One of my favorite craft mediums to work with is Heat Transfer Vinyl. It makes it so easy to create fun and custom projects for any occasion. My younger brother was coming up on some big tests for his economics PHD and I thought he could use a smile, so I pulled together all of these easy economics shirts A custom t-shirt is incredibly easy to make using just text and I have walked you through it below!
These economics shirts are the perfect beginning Cricut project and should come together in less than 30 minutes.
DIY economics shirts
For this project you will need:
- blank t-shirts
- white heat transfer
- black transfer
- a Cricut
When you open the new Cricut Design Space, it will look like the photo above. The top banner will be followed by projects that you have created. You can see some of my latest projects like the Soccer Shirt I just made for my daughter. Below your projects will be Make It Now Projects, a fun variety of predesigned projects that are great when you are looking for something cute and fast to make. To get started in the New Cricut Design Space, hit the plus sign on the left hand side of your projects or the green New Project button in the top right corner.
After you select New Project, a blank canvas will open up for you. The canvas is a grid, so you will be able to see exactly how big your project is. Each of the little squares is an inch.
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Add text by hitting the text button in the far left menu. A text box will pop up and you can type what you want the project to say. I made shirts with the following sayings:
(Front) Why Did The Economist Cross the Road (Back) The Marginal Benefit Exceeded The Marginal Cost with Font Biondi (Cut File Found Here)
Macro> Micro Economics with Font Cricut Sans (Cut File Found Here)
Talk is Cheap Supply Exceeds Demand With Font Arial Black and Bria (Cut File Found Here)
Eat. Sleep. Economics with Font Adobe Garamond (Cut File Found Here)
You Don’t Scare Me, I know economics with Font A Frightful Affair Cracked (Cut File Found Here)
One of my favorite thing about Cricut Design Space is that it will pull up all of the fonts on your computer plus all of the Cricut fonts so you can take your pick of what you want to use.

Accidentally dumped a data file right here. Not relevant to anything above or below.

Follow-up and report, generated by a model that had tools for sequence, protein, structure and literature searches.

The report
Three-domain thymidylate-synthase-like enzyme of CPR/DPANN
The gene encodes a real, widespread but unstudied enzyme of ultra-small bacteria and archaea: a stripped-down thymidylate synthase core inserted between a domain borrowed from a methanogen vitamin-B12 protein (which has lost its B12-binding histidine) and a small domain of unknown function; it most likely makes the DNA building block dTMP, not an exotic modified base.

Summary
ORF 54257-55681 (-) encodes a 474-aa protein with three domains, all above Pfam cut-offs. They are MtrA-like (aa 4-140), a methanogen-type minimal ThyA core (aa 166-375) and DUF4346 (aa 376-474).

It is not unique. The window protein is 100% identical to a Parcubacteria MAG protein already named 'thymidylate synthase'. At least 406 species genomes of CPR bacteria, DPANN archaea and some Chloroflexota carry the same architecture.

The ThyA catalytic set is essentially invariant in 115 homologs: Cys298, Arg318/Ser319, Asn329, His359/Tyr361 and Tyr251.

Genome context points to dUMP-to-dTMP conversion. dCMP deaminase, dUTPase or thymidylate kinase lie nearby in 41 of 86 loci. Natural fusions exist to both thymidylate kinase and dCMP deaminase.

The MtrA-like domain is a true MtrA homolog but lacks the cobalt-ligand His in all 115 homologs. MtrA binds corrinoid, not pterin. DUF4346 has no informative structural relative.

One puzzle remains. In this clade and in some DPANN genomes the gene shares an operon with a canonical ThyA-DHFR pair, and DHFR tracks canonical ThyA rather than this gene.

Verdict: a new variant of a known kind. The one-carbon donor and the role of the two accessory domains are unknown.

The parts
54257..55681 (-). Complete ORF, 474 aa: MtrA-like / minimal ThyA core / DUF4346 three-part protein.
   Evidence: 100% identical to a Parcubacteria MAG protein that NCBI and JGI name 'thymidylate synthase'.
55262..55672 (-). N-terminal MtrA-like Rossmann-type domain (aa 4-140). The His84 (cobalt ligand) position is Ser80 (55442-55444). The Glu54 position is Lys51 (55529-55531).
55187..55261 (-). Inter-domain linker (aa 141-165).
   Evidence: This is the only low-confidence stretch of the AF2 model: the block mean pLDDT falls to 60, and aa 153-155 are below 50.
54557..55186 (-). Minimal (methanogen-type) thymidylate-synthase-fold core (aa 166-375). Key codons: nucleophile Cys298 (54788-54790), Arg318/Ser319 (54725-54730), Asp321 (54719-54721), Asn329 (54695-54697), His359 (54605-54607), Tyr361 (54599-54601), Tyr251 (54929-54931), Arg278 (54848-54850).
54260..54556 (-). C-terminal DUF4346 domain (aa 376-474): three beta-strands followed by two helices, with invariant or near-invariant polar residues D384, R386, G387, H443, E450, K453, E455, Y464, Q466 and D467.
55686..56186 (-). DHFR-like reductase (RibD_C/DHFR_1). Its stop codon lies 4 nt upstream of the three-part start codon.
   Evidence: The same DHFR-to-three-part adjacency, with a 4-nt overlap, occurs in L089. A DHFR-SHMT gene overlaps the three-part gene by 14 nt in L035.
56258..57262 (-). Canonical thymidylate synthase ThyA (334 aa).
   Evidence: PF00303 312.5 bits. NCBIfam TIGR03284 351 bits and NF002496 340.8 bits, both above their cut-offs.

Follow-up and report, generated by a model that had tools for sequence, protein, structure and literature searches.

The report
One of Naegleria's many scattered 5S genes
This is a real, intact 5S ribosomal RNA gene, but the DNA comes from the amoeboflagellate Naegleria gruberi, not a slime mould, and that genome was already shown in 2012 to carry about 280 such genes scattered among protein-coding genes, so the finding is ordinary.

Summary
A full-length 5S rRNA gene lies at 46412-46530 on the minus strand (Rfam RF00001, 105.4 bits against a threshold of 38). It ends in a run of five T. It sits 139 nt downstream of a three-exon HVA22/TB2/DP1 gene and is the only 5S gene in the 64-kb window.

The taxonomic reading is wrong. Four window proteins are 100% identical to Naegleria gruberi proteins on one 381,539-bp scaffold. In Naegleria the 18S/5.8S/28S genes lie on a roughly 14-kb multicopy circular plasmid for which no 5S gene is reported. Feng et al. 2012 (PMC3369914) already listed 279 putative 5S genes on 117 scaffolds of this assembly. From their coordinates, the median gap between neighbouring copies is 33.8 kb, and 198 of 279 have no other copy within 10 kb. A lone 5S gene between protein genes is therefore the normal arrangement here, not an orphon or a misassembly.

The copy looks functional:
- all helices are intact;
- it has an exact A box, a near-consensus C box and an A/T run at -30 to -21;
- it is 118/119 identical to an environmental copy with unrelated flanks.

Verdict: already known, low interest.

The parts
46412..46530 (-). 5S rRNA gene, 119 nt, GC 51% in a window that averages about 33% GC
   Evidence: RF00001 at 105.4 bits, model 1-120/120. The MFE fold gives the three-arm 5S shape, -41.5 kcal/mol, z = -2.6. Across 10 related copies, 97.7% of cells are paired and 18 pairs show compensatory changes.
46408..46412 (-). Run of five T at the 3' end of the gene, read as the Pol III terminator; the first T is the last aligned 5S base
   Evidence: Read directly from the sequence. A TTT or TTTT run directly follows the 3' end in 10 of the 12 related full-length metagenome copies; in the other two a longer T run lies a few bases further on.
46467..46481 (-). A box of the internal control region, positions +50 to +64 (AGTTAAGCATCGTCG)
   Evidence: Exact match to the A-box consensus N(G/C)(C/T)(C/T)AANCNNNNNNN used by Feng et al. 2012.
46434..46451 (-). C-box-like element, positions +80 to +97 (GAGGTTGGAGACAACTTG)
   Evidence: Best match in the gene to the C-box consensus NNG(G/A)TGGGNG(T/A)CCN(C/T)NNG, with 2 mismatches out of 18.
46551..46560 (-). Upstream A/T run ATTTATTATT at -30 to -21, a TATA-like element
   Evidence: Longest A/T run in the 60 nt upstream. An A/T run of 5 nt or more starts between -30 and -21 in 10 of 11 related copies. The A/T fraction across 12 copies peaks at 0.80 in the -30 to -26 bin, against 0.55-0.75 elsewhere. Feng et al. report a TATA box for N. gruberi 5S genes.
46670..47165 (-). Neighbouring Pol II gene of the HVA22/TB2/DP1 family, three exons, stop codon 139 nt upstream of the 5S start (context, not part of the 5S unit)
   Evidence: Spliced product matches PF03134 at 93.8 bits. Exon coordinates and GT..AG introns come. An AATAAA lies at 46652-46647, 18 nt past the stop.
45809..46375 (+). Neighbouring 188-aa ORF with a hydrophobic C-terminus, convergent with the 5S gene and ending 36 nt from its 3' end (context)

Select the text box that you want to change the font on and a font box will appear at the top of the page so you can change the font.
One of my favorite features of Cricut Design Space is that when you change the colors of elements in the layers pallet, the program will assume that you want to cut those items out of a different kind of material. To change the colors of something, go over to the far right side and find the element you want to change. For text boxes, they are usually represented by the first letter in the line of text. For images, if will show a small version of the image. Click on the colored black dot and a color menu will pop up and you can change it to another color.
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When your project looks the way you want it, it the Make It button in the top right corner of the screen. Hit the mirror image button on the right hand side, your project will flip on the screen and look backwards. If you are making a project using heat transfer, you always need to mirror the image. Place the iron-on shiny side down onto your Cricut mat and then load your mat into your machine, spin the dial to iron-on and hit the flashing Cricut button. For this project you will cut two different times because we are using a couple different colors of heat transfer.
Peel the heat transfer off of your mat and then weed (peel apart) the heat transfer until just your design remains on the sticky backing. Stick the iron on face down onto your shirt. You will be able to see through the plastic backing so you can put your project together just the way you want it. Just make sure that none of the letters or images are touching the plastic backing of another element or it will fuse to that instead of your shirt.
Heat your iron up to the hottest setting and then iron on straight onto the plastic, making sure each element of the design gets 30 seconds of pressure and hit. Start pulling up the plastic backing and if any of the elements pull up at all, put the plastic back down and iron that area again. Peel the plastic sheet off and your shirt is ready to go! For the shirt with an image on the back, repeat this process on the back. Make sure you put a piece of parchment paper over the front when you iron the back.
What kind of custom shirts would you make?